Despite this evidence, the D.C. Circuit held that the plaintiffs had waited too long to bring their claims. The claims were thus barred by the doctrine of laches, an equitable defense prohibiting claims that a party has failed to diligently pursue, causing prejudice to the other party. Although the Redskins trademark was first registered in 1967, the plaintiffs did not file their challenge before the Trademark Trial and Appeal Board until 1992. (The "Redskins" name was first used as a team name in 1933 and the "Washington Redskins" name dates back to 1937).

In concluding that the delay had been prejudicial, the D.C. Circuit considered that evidence the Redskins might have used to defend the trademarks may have been lost during the delay. The court also considered that the team had invested significant resources promoting the trademarks and expanding merchandising efforts before the proceedings began. Had the plaintiffs objected sooner, the court reasoned, the team might have changed its name or altered its marketing efforts.

Because the D.C. Circuit decided that the challenge was untimely, it had no occasion to rule on the merits of the argument that the Redskins trademarks should be cancelled. The D.C. Circuit's decision confirms that, no matter how strong a party's trademark-related right might be, it can be lost through inaction — often forever.

But there is more to the story: in 2006, a group of six Native Americans brought a similar cancellation action at the Trademark Trial and Appeal Board, which action was suspended, pending the resolution of the Harjo case. The newer case, styled as Blackhorse, et al. v. Pro-Football, Inc., is in the process of being revived. It is difficult to predict how this newer action will turn out, but it is likely that the football team will once again assert the laches defense. There may be one difference in the newer action, though: the petitioners assert that they each recently reached the age of majority, "the age from which the . . . Court of Appeals has determined that laches begins to run." Time will tell if this makes any difference.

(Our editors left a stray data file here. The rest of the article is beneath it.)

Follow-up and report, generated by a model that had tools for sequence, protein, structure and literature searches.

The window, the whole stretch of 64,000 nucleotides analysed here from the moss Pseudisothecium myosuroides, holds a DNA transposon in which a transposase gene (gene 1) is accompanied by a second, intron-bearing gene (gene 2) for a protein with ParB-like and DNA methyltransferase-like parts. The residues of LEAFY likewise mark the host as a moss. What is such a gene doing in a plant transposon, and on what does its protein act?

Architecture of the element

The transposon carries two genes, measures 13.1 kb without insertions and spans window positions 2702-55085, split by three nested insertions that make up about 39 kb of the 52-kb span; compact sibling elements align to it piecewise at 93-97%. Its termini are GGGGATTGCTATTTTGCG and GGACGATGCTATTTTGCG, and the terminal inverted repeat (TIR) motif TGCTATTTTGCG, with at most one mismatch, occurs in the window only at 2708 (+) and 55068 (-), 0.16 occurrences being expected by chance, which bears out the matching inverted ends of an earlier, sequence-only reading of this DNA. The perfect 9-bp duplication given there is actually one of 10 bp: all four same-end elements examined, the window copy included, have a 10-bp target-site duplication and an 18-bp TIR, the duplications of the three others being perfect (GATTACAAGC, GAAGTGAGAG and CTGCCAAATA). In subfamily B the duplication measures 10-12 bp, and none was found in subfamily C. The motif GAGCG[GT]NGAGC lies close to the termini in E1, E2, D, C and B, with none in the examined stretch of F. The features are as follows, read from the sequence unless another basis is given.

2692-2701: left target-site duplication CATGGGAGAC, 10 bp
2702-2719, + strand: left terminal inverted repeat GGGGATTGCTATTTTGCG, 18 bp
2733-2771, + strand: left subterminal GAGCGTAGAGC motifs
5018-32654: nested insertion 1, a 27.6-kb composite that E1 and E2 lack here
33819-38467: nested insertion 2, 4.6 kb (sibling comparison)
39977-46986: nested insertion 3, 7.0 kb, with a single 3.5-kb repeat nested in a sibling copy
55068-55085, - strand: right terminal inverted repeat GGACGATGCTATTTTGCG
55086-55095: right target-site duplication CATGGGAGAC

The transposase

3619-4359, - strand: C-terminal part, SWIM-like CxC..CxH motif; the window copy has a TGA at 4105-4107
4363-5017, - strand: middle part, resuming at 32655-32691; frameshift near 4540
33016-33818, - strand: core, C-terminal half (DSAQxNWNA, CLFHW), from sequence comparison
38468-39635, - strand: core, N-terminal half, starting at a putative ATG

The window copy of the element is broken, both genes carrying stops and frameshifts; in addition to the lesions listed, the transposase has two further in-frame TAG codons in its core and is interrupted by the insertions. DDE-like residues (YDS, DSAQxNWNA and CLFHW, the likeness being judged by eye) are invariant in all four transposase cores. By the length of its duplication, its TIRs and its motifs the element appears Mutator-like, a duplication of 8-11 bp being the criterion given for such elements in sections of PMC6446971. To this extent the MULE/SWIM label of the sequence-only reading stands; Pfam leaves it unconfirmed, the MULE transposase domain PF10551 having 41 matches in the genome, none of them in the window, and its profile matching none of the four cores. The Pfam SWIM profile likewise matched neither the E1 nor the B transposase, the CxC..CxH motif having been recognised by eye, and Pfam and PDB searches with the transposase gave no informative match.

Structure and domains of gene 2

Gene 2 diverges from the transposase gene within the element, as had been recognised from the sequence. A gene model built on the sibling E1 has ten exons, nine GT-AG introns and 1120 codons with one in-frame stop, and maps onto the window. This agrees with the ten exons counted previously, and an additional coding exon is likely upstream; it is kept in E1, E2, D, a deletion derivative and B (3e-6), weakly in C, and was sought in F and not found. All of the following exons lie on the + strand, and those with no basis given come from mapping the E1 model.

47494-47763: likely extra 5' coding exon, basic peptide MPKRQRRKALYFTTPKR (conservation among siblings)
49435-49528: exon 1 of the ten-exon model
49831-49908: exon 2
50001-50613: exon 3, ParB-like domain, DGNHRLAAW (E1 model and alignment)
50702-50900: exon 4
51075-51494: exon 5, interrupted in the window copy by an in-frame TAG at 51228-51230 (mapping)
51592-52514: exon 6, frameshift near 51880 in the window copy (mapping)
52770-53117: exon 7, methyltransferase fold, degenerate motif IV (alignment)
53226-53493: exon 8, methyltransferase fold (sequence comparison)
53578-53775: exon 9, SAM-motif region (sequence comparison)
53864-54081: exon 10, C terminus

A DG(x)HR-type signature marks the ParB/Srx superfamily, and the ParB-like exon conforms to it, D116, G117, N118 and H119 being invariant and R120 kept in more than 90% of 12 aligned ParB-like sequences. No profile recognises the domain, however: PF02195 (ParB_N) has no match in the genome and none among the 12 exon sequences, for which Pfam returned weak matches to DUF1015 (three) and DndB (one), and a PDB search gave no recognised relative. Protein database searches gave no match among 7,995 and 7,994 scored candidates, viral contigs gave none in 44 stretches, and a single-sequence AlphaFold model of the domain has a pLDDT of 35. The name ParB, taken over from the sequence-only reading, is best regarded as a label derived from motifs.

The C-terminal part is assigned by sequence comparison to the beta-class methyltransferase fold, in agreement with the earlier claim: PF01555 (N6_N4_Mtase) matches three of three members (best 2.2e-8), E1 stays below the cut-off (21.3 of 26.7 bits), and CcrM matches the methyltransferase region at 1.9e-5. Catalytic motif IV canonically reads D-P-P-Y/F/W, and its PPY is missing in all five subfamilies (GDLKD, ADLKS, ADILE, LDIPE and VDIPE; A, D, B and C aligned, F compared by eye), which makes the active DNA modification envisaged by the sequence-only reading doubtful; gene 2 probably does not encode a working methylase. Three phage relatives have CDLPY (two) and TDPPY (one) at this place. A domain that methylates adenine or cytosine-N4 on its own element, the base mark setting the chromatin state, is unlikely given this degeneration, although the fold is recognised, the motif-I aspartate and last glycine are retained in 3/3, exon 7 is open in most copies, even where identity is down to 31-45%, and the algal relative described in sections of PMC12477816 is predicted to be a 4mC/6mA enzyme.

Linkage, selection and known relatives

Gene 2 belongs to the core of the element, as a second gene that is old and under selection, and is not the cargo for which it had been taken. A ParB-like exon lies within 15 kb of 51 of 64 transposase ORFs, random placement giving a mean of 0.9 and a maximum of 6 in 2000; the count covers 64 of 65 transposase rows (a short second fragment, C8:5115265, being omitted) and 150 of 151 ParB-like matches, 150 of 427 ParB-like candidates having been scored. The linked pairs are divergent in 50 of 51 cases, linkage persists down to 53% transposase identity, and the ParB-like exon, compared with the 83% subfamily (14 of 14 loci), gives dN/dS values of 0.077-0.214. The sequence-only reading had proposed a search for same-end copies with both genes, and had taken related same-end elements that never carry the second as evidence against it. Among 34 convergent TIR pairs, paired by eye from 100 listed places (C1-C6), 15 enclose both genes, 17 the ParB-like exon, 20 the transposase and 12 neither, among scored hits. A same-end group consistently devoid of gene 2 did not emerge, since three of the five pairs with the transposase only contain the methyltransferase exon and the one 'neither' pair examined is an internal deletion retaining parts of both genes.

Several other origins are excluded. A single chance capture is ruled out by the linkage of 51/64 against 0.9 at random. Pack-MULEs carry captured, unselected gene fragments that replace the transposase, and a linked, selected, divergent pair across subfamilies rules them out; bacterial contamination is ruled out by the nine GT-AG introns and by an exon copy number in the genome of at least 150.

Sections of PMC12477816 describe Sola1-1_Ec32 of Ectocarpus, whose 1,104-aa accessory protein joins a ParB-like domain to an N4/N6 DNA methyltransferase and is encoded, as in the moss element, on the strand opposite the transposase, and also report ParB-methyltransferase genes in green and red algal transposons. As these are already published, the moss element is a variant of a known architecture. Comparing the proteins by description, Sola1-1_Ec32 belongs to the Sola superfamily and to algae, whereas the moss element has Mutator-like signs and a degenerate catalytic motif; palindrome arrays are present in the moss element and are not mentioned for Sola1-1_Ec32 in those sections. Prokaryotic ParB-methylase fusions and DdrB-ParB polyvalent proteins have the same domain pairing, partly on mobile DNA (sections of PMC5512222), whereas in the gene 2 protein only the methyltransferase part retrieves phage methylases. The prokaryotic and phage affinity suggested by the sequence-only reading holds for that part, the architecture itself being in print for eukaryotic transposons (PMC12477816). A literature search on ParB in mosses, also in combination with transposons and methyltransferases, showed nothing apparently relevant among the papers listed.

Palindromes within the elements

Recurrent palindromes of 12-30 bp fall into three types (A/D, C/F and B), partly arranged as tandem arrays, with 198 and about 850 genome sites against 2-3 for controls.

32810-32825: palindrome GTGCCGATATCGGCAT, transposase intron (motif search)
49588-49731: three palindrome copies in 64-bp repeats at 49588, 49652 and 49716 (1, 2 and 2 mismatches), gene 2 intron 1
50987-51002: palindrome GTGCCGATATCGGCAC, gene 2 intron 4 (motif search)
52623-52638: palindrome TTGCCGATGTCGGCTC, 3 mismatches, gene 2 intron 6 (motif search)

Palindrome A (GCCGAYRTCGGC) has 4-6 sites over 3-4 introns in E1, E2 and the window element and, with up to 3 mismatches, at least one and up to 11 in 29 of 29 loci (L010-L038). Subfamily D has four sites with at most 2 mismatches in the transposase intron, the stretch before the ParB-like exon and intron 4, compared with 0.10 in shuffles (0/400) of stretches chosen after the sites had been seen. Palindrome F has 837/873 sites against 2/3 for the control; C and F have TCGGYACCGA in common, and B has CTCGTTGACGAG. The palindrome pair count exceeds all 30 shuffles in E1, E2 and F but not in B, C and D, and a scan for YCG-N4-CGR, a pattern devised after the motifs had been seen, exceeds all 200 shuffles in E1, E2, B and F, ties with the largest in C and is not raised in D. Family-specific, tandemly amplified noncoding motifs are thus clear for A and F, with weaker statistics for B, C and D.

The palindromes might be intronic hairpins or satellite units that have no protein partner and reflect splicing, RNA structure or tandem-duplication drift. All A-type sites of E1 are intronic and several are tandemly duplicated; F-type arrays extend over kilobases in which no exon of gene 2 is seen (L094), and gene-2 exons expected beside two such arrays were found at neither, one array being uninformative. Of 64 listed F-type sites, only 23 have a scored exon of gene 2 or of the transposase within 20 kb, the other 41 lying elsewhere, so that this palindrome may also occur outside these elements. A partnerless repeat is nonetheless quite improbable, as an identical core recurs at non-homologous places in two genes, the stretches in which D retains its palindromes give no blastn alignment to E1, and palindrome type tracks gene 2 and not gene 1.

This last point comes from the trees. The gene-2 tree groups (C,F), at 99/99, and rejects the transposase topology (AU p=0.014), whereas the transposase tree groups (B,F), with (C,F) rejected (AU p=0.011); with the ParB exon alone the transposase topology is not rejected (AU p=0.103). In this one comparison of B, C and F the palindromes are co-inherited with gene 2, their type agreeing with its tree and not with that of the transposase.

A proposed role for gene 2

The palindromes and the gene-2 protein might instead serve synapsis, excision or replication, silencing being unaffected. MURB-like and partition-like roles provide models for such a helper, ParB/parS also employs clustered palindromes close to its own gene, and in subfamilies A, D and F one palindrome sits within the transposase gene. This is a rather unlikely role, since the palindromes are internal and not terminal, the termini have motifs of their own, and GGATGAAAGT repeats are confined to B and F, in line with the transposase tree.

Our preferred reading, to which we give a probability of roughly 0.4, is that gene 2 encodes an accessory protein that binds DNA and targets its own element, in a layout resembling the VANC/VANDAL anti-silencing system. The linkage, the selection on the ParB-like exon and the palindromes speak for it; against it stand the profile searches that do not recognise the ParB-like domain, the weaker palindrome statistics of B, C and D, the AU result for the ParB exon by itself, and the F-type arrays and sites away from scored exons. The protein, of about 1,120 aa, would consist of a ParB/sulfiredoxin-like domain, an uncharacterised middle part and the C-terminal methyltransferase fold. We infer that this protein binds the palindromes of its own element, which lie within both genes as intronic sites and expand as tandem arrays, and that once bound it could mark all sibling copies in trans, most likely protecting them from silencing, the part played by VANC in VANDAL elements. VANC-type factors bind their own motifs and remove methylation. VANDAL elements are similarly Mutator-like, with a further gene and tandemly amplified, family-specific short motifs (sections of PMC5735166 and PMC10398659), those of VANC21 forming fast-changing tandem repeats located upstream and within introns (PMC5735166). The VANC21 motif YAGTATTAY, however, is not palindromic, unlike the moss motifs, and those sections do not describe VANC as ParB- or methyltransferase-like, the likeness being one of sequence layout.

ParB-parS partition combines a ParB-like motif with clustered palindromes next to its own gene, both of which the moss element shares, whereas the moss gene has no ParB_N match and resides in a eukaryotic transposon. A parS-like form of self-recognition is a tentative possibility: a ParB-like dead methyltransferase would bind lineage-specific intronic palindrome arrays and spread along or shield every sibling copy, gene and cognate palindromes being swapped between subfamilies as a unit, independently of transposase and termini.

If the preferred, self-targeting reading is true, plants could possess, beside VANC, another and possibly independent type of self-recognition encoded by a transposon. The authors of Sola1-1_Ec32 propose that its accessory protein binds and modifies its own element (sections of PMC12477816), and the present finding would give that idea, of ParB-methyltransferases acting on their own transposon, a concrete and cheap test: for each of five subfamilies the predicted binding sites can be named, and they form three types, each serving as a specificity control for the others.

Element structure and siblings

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In light of the rights recognized in these cases, as well as the efforts required to protect them, Indian tribes should consider developing a program of periodically monitoring trademark filings for applications that potentially infringe their rights. For further protection, tribes should consider trademark registration of their own federally recognized names, as well as registration of names they use in connection with business or governmental enterprises. Protecting the name of a tribal government can be difficult, but names and logos tribes use while doing business in identifiable fields (for example, operating a casino or a tribal government program) are as capable of protection as they are for any business.

Importantly, federal recognition as an Indian tribe, by itself, will not ensure protection of the tribe's name. Although one federal district court has held that a third-party cannot use trademark law to stop a tribe from using its federally recognized name, no known decision has held that federal recognition entails inherent trademark or other exclusive naming rights. Thus, while Indian tribes enjoy potentially powerful rights to prevent registration of certain trademarks, they must be diligent in preemptively protecting and defending the rights in their names.